think a lot about markets and how they behave and develop. My basic point of reference is of course the dry bulk market in particular and the shipping markets in general over many years. I have a few theories about this based on my observations of the behaviour at different times of the people in them: owners, charterers, clients, shipyards, brokers, bankers, of other market players, and myself. These come under the general headings of psychological and evolutionary.

Firstly, psychological. In making a long-term plan for investing, let’s say, buying a ship, a shipowner will first of all look at what market they want to invest in – sector, size – and then look at design, build, age, price according to their resources. Having defined the parameters based on their resources, they will then start looking in the market for ships that fit those parameters. Having narrowed down their long-list to a short-list of ships that are available, they may decide to inspect and then offer. But in the act of inspecting and offering they move from being spectators to being players, experiencing the game at first hand. And in fact they become part of the game itself, influencing other players by their action.

The difference is fairly clear: spectators are observers, where their actions have a negligible effect on the market, whereas players are agents, whose actions influence the game directly and therefore change it. For any of you thinking about a football match right now – as I am tempted to do so – I would ask you to stop it and imagine instead a game of many different teams, with many different players, some of them working for themselves, some of them working for the team, but all of them competing with each other all the time. Perhaps a better analogy is a cycle race.

The big change when you become a player is in the way the mind works, a switch from a observational, maybe even rational mind, to a reacting one, whose decisions have to be made very quickly, almost impulsively, and where the time taken to consider them is short, and where every second counts. These types of decisions are instinctive, and as often as not come from emotional reactions to the information presented.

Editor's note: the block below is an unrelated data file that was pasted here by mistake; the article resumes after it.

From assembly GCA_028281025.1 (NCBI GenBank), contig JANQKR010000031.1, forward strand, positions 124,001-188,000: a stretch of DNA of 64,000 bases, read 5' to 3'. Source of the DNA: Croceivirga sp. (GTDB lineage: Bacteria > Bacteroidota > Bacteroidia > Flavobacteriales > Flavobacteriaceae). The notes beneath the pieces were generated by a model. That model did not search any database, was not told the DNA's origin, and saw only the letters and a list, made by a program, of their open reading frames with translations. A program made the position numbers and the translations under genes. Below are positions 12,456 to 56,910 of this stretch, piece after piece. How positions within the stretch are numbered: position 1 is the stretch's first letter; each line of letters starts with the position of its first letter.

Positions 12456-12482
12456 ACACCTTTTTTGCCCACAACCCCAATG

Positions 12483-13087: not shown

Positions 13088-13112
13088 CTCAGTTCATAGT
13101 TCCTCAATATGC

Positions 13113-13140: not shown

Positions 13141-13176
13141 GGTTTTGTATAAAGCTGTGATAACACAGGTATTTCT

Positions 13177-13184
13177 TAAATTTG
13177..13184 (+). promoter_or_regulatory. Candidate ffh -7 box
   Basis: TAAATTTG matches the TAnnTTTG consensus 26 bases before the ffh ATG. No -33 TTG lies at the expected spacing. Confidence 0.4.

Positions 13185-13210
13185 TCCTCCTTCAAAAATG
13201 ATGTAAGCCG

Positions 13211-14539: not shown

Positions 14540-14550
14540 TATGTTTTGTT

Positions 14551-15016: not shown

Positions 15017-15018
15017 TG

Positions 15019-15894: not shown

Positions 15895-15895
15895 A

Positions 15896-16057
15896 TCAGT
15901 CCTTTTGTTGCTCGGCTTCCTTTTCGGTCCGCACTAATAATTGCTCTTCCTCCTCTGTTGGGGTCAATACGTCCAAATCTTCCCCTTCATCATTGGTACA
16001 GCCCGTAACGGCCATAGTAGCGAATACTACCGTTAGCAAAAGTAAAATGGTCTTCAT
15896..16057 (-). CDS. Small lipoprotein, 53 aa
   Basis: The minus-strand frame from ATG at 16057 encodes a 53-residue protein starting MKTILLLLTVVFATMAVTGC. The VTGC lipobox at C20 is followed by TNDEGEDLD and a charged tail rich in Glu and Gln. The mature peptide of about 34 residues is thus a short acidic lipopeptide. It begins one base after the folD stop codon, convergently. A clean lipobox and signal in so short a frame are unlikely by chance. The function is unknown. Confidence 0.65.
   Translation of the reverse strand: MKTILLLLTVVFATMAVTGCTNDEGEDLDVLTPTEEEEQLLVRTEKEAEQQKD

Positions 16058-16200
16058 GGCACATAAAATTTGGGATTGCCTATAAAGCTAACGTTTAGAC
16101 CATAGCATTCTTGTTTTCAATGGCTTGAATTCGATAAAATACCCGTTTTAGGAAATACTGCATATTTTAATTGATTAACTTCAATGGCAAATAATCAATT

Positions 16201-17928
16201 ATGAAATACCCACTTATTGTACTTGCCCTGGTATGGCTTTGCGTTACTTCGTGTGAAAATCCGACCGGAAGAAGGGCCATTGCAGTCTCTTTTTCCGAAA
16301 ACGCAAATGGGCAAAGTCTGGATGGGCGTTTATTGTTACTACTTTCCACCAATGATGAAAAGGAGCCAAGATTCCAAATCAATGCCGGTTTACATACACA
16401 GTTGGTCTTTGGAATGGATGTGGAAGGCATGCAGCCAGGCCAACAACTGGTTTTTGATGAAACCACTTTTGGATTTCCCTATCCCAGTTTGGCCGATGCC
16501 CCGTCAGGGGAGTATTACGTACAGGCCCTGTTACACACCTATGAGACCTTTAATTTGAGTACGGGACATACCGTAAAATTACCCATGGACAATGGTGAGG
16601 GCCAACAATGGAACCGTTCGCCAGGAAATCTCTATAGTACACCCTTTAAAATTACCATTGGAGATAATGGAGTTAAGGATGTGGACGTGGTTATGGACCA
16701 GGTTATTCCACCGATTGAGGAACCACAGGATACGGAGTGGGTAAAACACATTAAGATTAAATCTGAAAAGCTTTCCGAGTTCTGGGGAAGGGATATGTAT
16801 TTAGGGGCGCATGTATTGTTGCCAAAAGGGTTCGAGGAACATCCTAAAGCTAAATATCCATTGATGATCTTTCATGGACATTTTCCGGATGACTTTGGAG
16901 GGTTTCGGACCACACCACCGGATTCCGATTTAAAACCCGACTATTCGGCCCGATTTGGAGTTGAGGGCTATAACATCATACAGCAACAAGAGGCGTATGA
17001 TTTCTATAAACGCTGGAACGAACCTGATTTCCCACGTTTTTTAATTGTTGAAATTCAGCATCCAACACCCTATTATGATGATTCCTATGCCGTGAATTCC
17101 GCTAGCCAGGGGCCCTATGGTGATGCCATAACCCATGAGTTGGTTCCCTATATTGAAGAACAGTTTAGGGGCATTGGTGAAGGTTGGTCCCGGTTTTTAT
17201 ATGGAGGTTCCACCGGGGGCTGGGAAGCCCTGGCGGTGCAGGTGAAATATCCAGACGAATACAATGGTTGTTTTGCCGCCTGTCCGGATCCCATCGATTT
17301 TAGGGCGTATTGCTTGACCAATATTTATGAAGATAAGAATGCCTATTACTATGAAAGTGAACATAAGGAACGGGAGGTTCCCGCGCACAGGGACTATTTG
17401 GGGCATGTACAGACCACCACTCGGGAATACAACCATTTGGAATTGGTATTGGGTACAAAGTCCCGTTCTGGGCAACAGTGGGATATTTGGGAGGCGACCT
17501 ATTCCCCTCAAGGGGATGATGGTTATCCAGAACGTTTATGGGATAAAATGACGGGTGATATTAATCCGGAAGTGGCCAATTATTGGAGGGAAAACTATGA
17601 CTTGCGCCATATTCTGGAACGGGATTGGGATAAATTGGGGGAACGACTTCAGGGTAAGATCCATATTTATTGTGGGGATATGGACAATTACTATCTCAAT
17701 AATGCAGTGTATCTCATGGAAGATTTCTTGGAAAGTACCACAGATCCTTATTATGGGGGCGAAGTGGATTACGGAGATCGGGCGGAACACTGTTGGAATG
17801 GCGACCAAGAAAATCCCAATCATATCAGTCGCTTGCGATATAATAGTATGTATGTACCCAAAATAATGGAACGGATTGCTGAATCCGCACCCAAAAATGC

Past experience is extremely important in these situations, but so is aggression and speed. Rationality is very much in the background and noise is everywhere. Whether the decision to – let’s say – close a deal or not is successful or wise will only be found out in the future, and the result – whether good or bad – can be rationalised after the event ad infinitum.

Some instincts are hard-wired into us. I like to think that pain is instructive, in as much that once we have felt pain, we will try and avoid whatever caused us pain – consciously or unconsciously – again. This is true of emotional and psychological pain by the way, as well as physical pain. Fear is preventative and keeps us out of trouble, and whether we fight, fly or freeze, the instinct is to overcome, avoid a threat, or hope it does not notice us. Pleasure – whatever pumps dopamine (or whatever) into our brains – shows us the way we can enjoy ourselves and at the same time feed ourselves, bind ourselves into supporting communities and reproduce ourselves, all necessary to prolong the species. All of these can be distorted, in life and in the markets, and can be manipulated for personal gain.

My point is, generally, that although our decisions to enter the market may make sense from a purely rational point of view, the success of the entry will depend on short-term thinking and decision making that may be governed by emotional reactions, or mental, gut-feeling short-cuts, heuristic actions, that depending on the circumstances play an important part on the end result. None of this is right or wrong; I am just putting things into a context that I am sure we are all familiar with.